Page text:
“There are different categories in our shops, which we all sourced from China. We would like to grow together with our partners. We prefer long-term relationships and reliable partners,” Victoria Baykan, purchase/sourcing manager at TEDi, told Jinhanfair.com when she was at the annual Jinhan Fair for Home and Gifts three years ago. Held in Guangzhou in south China, the Jinhan Fair is a must-visit for TEDi officials for outsourcing.
“Securing the supply of goods is our top priority,” Ingo Ricken, in charge of import, customs, and freight purchase at TEDi, said at an event for logistics and transport companies last November organized by the Port of Hamburg. China, he added, will remain one of the most important sourcing markets for his organization as Chinese companies are improving their products.
Since 2004, the Hamburg Chamber of Commerce has been hosting a biennial economic conference to cement ties between China and Europe, bringing businesses, investors, and decision makers from both sides together. The 2021 event, “Hamburg Summit: China Meets Europe,” held online in November due to the pandemic, presented several points worth pondering.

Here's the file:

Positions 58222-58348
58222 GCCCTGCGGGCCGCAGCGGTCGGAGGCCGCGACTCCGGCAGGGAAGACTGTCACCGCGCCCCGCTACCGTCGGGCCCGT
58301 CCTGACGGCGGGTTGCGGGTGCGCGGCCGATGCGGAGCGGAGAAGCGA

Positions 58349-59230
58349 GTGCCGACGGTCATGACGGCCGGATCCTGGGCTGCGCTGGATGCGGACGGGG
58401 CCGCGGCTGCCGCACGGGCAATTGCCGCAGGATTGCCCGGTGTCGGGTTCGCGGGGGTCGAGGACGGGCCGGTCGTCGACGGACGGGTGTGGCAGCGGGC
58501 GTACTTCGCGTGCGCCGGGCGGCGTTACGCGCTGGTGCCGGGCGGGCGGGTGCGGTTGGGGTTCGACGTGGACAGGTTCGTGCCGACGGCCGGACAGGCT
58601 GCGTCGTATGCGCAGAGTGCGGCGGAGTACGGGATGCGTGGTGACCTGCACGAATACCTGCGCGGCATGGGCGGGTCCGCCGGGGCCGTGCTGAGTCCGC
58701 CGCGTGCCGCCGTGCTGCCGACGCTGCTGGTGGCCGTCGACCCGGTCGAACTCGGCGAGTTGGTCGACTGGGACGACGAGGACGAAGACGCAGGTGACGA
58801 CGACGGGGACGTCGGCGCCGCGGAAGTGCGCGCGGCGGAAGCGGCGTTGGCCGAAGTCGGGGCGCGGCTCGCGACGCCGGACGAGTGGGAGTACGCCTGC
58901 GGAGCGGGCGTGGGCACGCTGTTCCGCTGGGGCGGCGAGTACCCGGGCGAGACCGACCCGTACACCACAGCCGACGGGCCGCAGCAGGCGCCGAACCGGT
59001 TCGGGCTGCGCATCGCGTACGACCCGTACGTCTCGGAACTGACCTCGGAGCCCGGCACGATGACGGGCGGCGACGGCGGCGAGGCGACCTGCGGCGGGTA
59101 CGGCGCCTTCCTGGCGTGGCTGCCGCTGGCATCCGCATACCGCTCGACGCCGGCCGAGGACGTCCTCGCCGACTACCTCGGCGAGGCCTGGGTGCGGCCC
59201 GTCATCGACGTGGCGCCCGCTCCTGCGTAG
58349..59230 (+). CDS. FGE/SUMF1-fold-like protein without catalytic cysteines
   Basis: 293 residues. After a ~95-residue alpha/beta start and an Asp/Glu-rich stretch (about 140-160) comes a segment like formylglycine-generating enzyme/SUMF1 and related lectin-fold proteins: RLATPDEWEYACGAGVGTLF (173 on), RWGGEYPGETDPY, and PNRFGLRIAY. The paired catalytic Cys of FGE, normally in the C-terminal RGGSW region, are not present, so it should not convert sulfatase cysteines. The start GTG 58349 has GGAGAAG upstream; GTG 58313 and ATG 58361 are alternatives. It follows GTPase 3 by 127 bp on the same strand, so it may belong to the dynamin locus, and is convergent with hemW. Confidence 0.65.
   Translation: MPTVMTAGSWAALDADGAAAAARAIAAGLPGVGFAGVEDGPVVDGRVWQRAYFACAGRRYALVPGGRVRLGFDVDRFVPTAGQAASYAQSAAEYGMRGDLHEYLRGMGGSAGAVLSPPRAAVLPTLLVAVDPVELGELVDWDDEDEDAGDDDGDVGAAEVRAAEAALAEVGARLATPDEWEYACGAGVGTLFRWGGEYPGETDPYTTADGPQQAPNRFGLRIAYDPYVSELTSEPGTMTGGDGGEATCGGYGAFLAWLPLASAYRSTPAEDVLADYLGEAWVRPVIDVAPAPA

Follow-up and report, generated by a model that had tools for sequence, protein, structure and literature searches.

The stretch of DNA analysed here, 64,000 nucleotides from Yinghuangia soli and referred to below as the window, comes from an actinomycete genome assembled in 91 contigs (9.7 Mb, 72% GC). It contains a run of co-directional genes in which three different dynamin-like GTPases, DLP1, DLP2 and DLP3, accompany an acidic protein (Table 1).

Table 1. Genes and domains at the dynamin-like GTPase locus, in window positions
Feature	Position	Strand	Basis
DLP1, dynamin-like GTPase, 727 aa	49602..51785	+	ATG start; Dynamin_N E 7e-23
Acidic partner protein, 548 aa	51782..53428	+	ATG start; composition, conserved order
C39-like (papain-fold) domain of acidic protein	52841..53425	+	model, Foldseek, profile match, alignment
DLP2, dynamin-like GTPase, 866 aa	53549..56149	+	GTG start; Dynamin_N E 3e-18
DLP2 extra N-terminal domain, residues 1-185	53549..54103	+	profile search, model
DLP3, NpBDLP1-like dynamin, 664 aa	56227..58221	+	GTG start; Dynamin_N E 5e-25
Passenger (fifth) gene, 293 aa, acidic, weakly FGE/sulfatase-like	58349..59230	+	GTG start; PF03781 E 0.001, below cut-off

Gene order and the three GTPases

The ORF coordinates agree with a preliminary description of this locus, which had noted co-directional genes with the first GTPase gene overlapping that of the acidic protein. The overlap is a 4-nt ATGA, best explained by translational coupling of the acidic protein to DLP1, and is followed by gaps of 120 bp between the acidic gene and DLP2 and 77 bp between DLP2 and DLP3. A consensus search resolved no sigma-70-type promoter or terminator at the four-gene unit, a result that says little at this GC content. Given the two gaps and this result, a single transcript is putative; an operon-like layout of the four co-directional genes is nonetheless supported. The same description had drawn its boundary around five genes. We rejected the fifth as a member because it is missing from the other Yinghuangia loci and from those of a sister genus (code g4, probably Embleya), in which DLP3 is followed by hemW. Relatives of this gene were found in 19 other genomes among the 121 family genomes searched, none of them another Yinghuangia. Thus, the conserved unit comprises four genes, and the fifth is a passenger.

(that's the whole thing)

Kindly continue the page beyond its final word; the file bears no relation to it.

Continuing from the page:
First, the positives. In 2020, China became the European Union’s largest trade partner in goods, overtaking the United States, and European companies doing business with China remain upbeat about the future.
“Most European companies I talk to face positive business prospects,” Clas Neumann, chairperson of the Board of Directors of the German Chamber of Commerce in China, said at the Hamburg summit. A recent survey of German companies showed 96 percent have no inclination to leave China while 77 percent expected better business in 2021 as compared to 2020.
China’s role in global trade and economy remains unmarginalizable. As Gerhard Schröder, former chancellor of Germany and honorary chairman of the Hamburg summit, said that today it is more important than ever to build a better understanding of China and to continue the dialogue between China and Europe.
“The global economic and political landscape has changed fundamentally in the past few years,” he said prior to the Hamburg summit. “China is on its way to becoming the world’s leading industrial nation by 2049. Its economic and geopolitical rise affects us all. China is an indispensable actor to solve global challenges such as climate change and building resilient supply chains.”
Now here comes the nub: politics. While there are disagreements between China and Europe over issues such as intellectual property rights protection, market access, non-tariff trade barriers, and protectionism, these are economic issues and can be sorted out if there is no underlying political tension. However, the United States’ insistence on regarding China as a competitor, indeed, its biggest competitor, has muddied the waters and European countries face U.S. pressure over their business with China.